• The learners living in child-headed and economically deprived homes are likely to benefit less from the proposed strategies of learning as their priorities are divided between meeting their basic needs and dedicating time to learning- yet accessing the learning materials is close to impossible for most of them.
  • The capacity of parents is not strengthened enough to bridge the sexual and reproductive health information gaps and ably support learners during this period to appreciate sexuality education which also includes information on growth, puberty, fertility, dangers of early sex, and pregnancy among others.


Developing and establishing  robust crisis response strategies  for the learners in candidate classes   that have so far been directed by the president to resume school  in a months’ time and those still in the  during the lockdown and   to ensure their overall health and wellbeing. Therefore, the Civil Society Organizations propose that the Ministry of Education and Sports;

  • Expedites the passing and implementation of the National School Health Policy to guide and rejuvenate the school health programmes post the COVID-19 pandemic.
  • Operationalizes the National Sexuality Education Framework as per the presidential commitment at the ICPD+25 conference in Nairobi, See
  •  Establish mechanisms of protecting learners and teachers as schools re-open, ensuring that they have masks, hand washing facilities, temperature guns, among others to minimize the spread of the virus.
  • That the Ministry revises the school calendar and supports the school administrators to adjust to the revised calendars to avoid panic in schools in a bid to complete the syllabus.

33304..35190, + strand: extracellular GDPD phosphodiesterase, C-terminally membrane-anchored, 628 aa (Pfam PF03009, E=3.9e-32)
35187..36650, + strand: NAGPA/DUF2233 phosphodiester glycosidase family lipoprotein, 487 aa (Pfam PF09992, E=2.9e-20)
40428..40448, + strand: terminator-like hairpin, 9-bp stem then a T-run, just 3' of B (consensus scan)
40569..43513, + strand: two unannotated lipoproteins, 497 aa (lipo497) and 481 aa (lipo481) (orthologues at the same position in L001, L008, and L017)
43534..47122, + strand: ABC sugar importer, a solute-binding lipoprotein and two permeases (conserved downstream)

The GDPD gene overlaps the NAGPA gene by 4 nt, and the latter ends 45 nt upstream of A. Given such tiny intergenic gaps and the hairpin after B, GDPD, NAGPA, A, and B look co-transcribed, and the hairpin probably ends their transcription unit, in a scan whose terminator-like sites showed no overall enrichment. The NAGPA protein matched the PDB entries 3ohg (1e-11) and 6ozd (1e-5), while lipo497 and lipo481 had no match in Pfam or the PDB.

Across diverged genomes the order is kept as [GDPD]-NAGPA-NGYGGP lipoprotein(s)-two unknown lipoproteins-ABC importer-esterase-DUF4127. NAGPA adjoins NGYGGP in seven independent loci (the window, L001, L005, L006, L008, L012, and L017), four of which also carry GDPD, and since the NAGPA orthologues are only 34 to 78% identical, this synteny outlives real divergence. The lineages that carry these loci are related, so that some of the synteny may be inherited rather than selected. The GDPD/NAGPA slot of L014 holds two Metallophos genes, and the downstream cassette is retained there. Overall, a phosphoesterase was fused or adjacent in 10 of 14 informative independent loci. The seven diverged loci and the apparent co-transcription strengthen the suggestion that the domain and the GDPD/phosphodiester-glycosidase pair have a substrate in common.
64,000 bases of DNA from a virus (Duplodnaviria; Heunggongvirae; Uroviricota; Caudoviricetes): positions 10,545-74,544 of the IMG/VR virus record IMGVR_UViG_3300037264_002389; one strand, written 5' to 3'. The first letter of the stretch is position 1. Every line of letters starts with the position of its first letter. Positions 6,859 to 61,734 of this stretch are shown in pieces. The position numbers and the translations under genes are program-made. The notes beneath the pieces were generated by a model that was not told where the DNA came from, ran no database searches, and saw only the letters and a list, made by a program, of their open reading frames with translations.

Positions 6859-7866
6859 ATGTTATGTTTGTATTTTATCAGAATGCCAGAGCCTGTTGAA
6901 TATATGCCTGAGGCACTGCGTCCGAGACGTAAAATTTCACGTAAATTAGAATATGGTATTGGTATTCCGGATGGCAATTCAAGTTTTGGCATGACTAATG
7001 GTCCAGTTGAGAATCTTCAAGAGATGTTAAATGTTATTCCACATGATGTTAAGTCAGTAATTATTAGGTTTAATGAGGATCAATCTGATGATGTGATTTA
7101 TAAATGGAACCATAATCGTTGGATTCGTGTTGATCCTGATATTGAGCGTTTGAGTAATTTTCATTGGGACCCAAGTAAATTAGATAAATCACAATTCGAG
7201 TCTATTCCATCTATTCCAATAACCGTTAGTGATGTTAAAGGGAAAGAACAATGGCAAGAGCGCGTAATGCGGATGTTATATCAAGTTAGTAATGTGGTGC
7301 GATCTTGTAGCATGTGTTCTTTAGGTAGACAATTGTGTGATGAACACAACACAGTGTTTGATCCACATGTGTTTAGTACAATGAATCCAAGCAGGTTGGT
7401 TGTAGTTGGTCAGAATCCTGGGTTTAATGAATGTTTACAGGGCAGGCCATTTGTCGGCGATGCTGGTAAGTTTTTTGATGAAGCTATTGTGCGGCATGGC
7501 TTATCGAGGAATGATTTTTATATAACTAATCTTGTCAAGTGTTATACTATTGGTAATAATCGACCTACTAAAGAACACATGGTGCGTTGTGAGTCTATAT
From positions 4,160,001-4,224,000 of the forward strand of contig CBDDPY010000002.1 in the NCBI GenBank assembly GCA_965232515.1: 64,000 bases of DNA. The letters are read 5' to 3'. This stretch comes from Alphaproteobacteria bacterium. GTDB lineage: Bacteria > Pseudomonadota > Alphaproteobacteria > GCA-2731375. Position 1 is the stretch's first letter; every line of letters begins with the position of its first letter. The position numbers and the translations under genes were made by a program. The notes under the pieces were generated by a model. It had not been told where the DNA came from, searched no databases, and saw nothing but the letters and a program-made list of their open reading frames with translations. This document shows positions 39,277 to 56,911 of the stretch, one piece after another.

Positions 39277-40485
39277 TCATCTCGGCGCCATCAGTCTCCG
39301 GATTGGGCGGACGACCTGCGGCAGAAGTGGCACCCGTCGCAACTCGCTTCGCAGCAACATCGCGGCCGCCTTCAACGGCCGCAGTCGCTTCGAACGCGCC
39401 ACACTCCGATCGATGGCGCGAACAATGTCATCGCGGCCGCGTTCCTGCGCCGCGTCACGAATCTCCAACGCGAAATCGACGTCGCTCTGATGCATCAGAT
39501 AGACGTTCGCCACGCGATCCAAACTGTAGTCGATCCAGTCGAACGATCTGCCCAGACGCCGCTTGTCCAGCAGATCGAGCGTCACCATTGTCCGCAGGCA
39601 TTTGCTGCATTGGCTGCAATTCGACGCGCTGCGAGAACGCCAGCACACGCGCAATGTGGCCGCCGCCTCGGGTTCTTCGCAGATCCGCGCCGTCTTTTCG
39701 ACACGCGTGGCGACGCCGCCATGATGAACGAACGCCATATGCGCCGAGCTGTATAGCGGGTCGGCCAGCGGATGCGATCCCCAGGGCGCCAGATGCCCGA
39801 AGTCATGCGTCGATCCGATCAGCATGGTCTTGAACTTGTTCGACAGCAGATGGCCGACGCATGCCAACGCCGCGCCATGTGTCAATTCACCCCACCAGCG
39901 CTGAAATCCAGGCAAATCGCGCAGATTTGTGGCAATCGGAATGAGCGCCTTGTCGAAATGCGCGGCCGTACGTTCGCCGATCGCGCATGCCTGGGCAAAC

• That the Ministry ensures that all schools have psychosocial support to meet the mental health and sexual reproductive needs of learners and teachers. Train senior women and male  teachers on how to provide counselling and deal with the different health needs of young people, including implementation of the Girl child School Re-entry and Retention Strategy to give any girls who may report to school with pregnancies, an opportunity to continue with their studies
  • Ensure liaison of schools with nearby health centers and that the test kits for the COVID19 are available and accessible in the various healthcare centres at any time for access by schools.
  • Address the unique health challenges of adolescents like sexual and gender based violence, teenage pregnancies, menstrual health and HIV, among others within the learning medium and materials shared for learners.
  • That the Ministry of Education and Sports establishes the Operational Standard Procedures and guidelines to direct learning institutions operate amid COVID19 and establish  a feasible and  coordinated plan to ensure that the public health preventive measures of COVID19 such as installing hand washing facilities , social distancing, and  wearing of masks, among others are in place.
  • That Ministry of Education and Sports works with operators of the institutions of learning to devise practical measures for school fees payment and  opportunities to educate their children amid the financial constraints that the response to COVID-19 has created, as many people have stopped working. Post COVID-19, this will prevent learners from dropping out of school as a result of defaulting on school fees.

We will appreciate your timely response and action.


  1. Center for Education, Graduate Entrepreneurship and Empowerment
  2. Center for Health, Human Rights and Development
  3. Joy For Children Uganda
  4. Naguru Teenage Center
  5. Partners in Community Transformation
  6. Philomera Hope Foundation
  7. Public Health Ambassadors Uganda
  8. Reach A hand Uganda
  9. Reproductive Health Uganda
  10. Sexual and  Reproductive Health Alliance Uganda
  11. Teach for Uganda
  12. Uganda Health Marketing Group
  13. We talk series Uganda
  14. White Ribbon Alliance Uganda
  15. Youth Equality Center

A version of this article was originally published in the Daily Monitor on Friday 19th June 2020.